• Vendor credit accounts: In addition to the initial trade lines you established, you can continue to open credit accounts with various vendors and suppliers. These accounts not only provide you with net terms for purchasing goods and services but also contribute to your overall business credit profile.


When applying for business credit cards, lines of credit, or vendor accounts, make sure to emphasize that you're seeking credit in your business's name and that you don't want to provide a personal guarantee or have the accounts reported on your personal credit.

6. Monitor and maintain your business credit profile

Building business credit is an ongoing process, and it's important to monitor and maintain your credit profile regularly. Here are a few tips to help you stay on track:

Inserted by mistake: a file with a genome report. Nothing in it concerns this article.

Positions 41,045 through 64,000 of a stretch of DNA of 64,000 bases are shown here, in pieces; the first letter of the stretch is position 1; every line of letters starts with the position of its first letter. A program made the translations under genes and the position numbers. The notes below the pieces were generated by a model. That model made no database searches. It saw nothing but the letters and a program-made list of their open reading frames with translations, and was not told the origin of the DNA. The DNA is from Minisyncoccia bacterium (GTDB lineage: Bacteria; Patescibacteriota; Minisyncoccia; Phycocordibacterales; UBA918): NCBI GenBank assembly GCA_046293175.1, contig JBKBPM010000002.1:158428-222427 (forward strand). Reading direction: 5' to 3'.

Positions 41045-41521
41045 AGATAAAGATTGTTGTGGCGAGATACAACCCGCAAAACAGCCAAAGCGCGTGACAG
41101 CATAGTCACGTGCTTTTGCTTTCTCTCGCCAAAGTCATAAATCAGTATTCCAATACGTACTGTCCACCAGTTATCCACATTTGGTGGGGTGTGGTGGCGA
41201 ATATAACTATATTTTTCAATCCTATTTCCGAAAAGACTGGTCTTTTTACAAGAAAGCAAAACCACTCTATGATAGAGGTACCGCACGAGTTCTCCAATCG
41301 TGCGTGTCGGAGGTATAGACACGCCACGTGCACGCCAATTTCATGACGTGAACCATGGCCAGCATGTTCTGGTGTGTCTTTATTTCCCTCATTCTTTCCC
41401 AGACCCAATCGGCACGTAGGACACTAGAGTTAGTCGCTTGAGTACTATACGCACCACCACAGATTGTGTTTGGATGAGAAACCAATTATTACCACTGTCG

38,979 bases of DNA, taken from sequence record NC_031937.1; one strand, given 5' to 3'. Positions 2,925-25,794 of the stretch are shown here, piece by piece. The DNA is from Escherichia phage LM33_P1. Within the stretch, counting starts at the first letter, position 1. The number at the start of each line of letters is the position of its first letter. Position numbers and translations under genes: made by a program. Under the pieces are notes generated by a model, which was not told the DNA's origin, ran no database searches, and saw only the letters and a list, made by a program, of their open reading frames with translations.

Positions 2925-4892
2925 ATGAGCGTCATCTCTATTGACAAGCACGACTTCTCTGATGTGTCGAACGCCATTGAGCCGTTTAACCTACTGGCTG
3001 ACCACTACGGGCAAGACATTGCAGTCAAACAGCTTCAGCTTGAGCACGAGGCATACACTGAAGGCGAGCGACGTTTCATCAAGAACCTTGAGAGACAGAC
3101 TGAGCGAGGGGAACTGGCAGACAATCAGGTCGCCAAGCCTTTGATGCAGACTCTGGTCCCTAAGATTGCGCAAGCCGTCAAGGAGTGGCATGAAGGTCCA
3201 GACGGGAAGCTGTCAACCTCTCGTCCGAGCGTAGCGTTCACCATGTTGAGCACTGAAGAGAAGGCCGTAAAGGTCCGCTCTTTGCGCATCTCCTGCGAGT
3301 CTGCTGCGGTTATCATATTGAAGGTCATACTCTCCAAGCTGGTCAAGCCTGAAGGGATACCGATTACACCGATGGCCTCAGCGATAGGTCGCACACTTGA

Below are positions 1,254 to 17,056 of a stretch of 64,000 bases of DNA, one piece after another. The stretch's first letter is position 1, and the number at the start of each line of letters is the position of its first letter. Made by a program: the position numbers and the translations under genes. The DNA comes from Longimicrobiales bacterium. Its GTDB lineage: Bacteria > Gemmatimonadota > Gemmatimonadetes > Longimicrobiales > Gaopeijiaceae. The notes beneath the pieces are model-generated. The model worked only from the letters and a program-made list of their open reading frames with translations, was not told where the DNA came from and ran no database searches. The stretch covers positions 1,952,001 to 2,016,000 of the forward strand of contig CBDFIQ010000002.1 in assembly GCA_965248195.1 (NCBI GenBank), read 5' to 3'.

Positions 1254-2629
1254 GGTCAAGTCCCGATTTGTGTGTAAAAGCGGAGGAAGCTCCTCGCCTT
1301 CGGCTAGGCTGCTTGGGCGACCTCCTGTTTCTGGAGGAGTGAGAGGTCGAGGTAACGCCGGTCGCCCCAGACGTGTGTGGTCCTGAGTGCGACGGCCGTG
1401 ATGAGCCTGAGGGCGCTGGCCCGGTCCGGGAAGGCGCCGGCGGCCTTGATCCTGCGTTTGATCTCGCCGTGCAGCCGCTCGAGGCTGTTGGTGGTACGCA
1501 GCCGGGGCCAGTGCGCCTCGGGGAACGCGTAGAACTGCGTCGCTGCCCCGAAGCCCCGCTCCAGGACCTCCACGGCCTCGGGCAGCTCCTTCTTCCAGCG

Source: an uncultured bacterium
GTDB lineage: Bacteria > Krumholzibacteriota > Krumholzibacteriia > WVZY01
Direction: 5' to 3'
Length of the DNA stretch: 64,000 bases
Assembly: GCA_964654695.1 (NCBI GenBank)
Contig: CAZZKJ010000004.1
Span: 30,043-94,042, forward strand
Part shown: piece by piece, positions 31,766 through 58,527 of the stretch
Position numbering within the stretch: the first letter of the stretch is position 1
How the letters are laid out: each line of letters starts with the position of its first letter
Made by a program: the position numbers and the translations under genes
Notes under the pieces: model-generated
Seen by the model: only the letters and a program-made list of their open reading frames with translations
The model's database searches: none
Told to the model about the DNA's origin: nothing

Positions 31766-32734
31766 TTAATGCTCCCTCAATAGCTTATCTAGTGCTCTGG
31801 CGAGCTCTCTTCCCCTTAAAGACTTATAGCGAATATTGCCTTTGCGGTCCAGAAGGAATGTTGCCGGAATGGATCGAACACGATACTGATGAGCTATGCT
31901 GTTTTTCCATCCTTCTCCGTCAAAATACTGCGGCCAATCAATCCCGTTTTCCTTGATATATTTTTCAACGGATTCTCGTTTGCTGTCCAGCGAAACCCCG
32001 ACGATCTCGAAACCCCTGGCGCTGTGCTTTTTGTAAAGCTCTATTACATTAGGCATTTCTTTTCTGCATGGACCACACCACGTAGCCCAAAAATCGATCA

• Review your business credit reports: Periodically review your business credit reports from D&B, Experian Business, and Equifax Business to make sure that all information is accurate and up-to-date.
  • Make payments on time: Timely payment is the most important factor in maintaining a strong business credit score. Set up automatic payments or reminders to ensure that you never miss a due date.
  • Keep credit utilization low: While business credit scoring models are generally more lenient regarding credit utilization than personal credit models, it's still a good idea to keep your balances well below your credit limits.
  • Monitor for fraudulent activity: Regularly review your business credit reports for any signs of fraudulent activity or errors, and promptly dispute any inaccuracies with the appropriate credit bureau.


By following these steps consistently, you'll not only maintain a strong business credit profile but also increase your chances of qualifying for higher credit limits and better terms in the future. 

Build your business credit with Ramp